I'd Like To Be A Consultant
Dear Management Doctor
I have been a planner for 15 years and have done some consulting on the side for several small rural towns. I have a Master's Degree in Public Administration and my desire would be to work my way into the (Public Sector) Management Consultant business full time. I believe I have a keen understanding of public sector organizations and many of the inherent problems within the structure. I'd like to be able to help public organizations become more innovative and creative within the parameters of the organization and help them find possible solutions to (some) employee morale problems. I have visited your website and have read many of your documents.
I have a question I hope you can provide some insight for; what is the best way to "learn the ropes" within the consultant business? Although I have secured some jobs for small towns, it's extremely difficult to compete with companies like David Evans or others that have the resources to provide a much larger array of services, not to mention the polished submittals to the RFQs.
My second question is; have you ever heard of Resource Associates Corporation? It is a company that consists of an international network of consultants that will help a person like myself through a system of training, mentors, and tools to begin and be successful in practice. I have contacted them and plan on researching them, however with your diverse experience and years in the business, I thought I'd give a shot at you hearing about them at some time in your career?
I'd appreciate any information or advice you may have for me. If you put this on your website please keep my name confidential as I still work full time in a government agency and they do not know I plan to pursue other career options later this year.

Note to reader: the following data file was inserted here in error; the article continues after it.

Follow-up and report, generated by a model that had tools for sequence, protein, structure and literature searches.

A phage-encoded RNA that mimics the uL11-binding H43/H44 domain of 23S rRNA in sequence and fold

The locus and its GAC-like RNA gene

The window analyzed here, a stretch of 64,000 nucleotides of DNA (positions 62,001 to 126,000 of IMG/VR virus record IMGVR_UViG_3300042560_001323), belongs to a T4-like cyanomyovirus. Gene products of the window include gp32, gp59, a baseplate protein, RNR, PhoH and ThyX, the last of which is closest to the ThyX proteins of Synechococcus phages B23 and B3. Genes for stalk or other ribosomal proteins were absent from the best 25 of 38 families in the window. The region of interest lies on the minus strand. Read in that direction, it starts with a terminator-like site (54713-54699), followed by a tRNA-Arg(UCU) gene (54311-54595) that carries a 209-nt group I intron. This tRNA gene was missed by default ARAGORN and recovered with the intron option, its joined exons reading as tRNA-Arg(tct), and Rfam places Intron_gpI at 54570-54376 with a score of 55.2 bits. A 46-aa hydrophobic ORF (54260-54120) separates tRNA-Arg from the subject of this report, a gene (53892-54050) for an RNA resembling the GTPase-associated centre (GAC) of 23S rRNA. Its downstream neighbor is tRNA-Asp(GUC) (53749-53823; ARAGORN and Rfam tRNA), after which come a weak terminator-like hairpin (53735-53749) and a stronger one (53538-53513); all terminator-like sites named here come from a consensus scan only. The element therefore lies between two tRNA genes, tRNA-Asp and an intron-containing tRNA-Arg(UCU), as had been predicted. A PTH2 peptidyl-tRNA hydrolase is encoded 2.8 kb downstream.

Sign me anonymous
Dear I'd Like To Be;
- Part-Time Consulting
Continue doing your small part-time consulting. The more experience and diversity you have the better.
Successful consulting comes from finding a niche. It is not clear in your email what area you want to specialize in.
APA has a private practice division that seems to focus on small consulting firms. They have a number of publications and, I believe, a newsletter.
When I started it was by sub-consulting to a number of large management and organizations firms. They taught me how to do my budget and a few techniques. What they mostly taught me was that they got most of the money and I did most of the work. But, you need to start somewhere.
- Small May Be Good
It is true that you may not be able to compete with the big guys. However, many organizations are looking for the small firm with less overhead and more personal attention.
- Resource Associates Corporation
I don't know this firm but did pull up their website. It was hard to understand what they actually do, no resumes, etc. I would tend to tread lightly until you get more info and some good references.
- Good News